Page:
GAO Reports on Waiver Limit Requests

June 15, 2011 ( - Legislation passed earlier this year, The Department of Defense and Full-Year Continuing Appropriations Act, 2011directed the Government Accountability Office (GAO) to report on annual limit waiver requests. 

To implement various provisions of the Patient Protection and Affordable Care Act (PPACA), including those related to restricted annual limits on the value of “essential” covered health benefits, the HHS established the Center for Consumer Information and Insurance Oversight (CCIIO), now a part of the Centers for Medicare & Medicaid Services (CMS). Under the program, issuers or other group health plan sponsors may apply for a waiver from the annual limits, as defined by the Secretary of Health and Human Services (HHS), if they attest and present evidence that meeting the annual limits would result in diminished access to benefits or a significant increase in premiums (see McDonalds Reported Seeking HCR Waiver). 

The GAO survey specifically investigated the number of applications the CCIIO received for an annual limit waiver, how many of these were approved or denied, and the reasons provided by the CCIIO for approvals and denials of annual limit waivers.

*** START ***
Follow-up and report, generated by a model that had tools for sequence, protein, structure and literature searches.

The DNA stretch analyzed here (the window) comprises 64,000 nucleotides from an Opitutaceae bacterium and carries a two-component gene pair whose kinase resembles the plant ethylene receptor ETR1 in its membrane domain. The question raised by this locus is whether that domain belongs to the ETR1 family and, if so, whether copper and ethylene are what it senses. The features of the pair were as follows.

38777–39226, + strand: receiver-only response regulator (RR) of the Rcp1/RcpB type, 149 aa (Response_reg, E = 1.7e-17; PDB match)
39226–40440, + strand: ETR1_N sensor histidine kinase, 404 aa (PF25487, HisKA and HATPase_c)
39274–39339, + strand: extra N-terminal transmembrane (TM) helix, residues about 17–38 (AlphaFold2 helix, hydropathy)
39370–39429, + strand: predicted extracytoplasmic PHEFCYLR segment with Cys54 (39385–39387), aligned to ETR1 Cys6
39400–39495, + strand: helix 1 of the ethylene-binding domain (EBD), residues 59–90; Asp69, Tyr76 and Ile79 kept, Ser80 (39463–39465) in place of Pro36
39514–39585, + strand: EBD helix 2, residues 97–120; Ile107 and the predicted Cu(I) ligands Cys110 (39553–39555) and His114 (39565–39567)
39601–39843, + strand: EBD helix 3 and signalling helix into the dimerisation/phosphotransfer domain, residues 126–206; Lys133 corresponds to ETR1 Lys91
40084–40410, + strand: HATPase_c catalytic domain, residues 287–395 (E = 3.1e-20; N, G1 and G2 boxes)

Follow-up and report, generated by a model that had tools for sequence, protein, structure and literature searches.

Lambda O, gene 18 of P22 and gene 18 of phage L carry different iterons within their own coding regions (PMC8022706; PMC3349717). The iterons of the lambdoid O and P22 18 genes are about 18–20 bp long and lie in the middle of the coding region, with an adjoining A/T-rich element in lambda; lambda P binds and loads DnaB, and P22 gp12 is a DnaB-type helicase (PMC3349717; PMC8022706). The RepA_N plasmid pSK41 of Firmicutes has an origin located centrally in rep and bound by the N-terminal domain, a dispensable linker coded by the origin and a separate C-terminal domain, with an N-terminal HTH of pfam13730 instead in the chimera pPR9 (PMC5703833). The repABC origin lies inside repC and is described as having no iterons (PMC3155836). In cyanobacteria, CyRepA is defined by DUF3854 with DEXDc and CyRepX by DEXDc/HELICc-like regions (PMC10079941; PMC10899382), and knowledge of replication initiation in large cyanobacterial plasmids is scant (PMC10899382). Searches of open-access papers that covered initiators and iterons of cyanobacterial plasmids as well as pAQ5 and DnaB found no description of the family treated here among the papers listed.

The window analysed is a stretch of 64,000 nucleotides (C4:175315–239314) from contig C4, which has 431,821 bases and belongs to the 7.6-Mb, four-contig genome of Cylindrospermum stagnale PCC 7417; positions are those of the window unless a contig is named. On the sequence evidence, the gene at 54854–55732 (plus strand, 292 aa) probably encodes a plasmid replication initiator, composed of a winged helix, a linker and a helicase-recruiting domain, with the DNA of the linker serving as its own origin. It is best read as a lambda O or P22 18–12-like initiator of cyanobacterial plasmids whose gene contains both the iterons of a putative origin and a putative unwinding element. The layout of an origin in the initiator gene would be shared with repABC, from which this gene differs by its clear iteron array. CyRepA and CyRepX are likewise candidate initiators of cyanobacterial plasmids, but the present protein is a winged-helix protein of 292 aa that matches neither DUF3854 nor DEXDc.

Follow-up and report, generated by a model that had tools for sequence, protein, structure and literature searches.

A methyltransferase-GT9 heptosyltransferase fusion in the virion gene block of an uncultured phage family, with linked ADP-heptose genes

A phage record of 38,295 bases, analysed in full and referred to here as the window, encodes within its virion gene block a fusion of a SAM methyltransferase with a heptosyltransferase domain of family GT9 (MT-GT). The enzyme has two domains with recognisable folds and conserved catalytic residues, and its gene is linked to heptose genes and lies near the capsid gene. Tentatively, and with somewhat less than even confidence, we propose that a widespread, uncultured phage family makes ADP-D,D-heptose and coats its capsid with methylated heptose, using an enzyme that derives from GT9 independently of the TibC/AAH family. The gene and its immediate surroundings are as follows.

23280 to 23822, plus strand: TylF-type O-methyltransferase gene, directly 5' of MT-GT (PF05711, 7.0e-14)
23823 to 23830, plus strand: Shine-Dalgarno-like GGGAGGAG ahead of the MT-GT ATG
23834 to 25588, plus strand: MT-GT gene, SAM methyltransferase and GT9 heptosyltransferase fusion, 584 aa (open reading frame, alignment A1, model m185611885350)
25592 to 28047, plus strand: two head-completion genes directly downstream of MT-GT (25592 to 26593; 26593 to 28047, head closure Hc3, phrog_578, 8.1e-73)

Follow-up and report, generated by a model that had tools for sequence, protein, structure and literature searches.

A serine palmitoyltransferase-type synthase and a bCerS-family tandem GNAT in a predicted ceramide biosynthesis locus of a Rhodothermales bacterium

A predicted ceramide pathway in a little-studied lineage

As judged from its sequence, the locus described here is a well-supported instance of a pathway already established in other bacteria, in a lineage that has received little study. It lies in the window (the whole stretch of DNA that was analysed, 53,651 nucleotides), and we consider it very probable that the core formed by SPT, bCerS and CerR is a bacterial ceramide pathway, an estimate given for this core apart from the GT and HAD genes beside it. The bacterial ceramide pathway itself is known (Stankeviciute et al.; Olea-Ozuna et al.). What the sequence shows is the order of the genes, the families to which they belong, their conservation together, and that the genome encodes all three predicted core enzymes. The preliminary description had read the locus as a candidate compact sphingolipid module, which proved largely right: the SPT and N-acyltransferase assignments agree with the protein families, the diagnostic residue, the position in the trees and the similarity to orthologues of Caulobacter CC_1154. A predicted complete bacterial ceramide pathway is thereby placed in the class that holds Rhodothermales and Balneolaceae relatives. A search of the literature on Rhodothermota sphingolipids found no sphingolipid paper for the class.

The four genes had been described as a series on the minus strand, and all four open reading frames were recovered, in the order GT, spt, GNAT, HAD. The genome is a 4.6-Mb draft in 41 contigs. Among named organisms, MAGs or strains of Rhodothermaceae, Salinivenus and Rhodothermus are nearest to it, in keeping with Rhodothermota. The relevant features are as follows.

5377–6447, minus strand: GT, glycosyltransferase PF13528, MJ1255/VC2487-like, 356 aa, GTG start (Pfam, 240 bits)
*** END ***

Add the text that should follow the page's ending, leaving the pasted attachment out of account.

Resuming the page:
The studies major findings included: 

  • As of April 25, 2011, the CCIIO received a total of 1,415 applications.  
  • For 1,347 of the applications (over 95%) the CCIIO approved waivers covering all plans in the applications. 
  • For 25 applications, the CCIIO approved waivers for some plans and denied waivers for others within the same application. 
  • The CCIIO denied waivers covering all plans in 40 applications. 
  • Approximately 3 million people were covered in approved plans.  
  • Approximately 153,000 people were covered in denied plans.  
  •  Three applications were pending at the time of review. 

The CCIIO granted waivers on the basis of an application’s projected significant increase in premiums or significant reduction in access to health-care benefits. Applications with a projected premium increase of 10% or more tended to be approved while applications with a projected premium increase of 6% or less tended to be denied.  

The full report is available  here.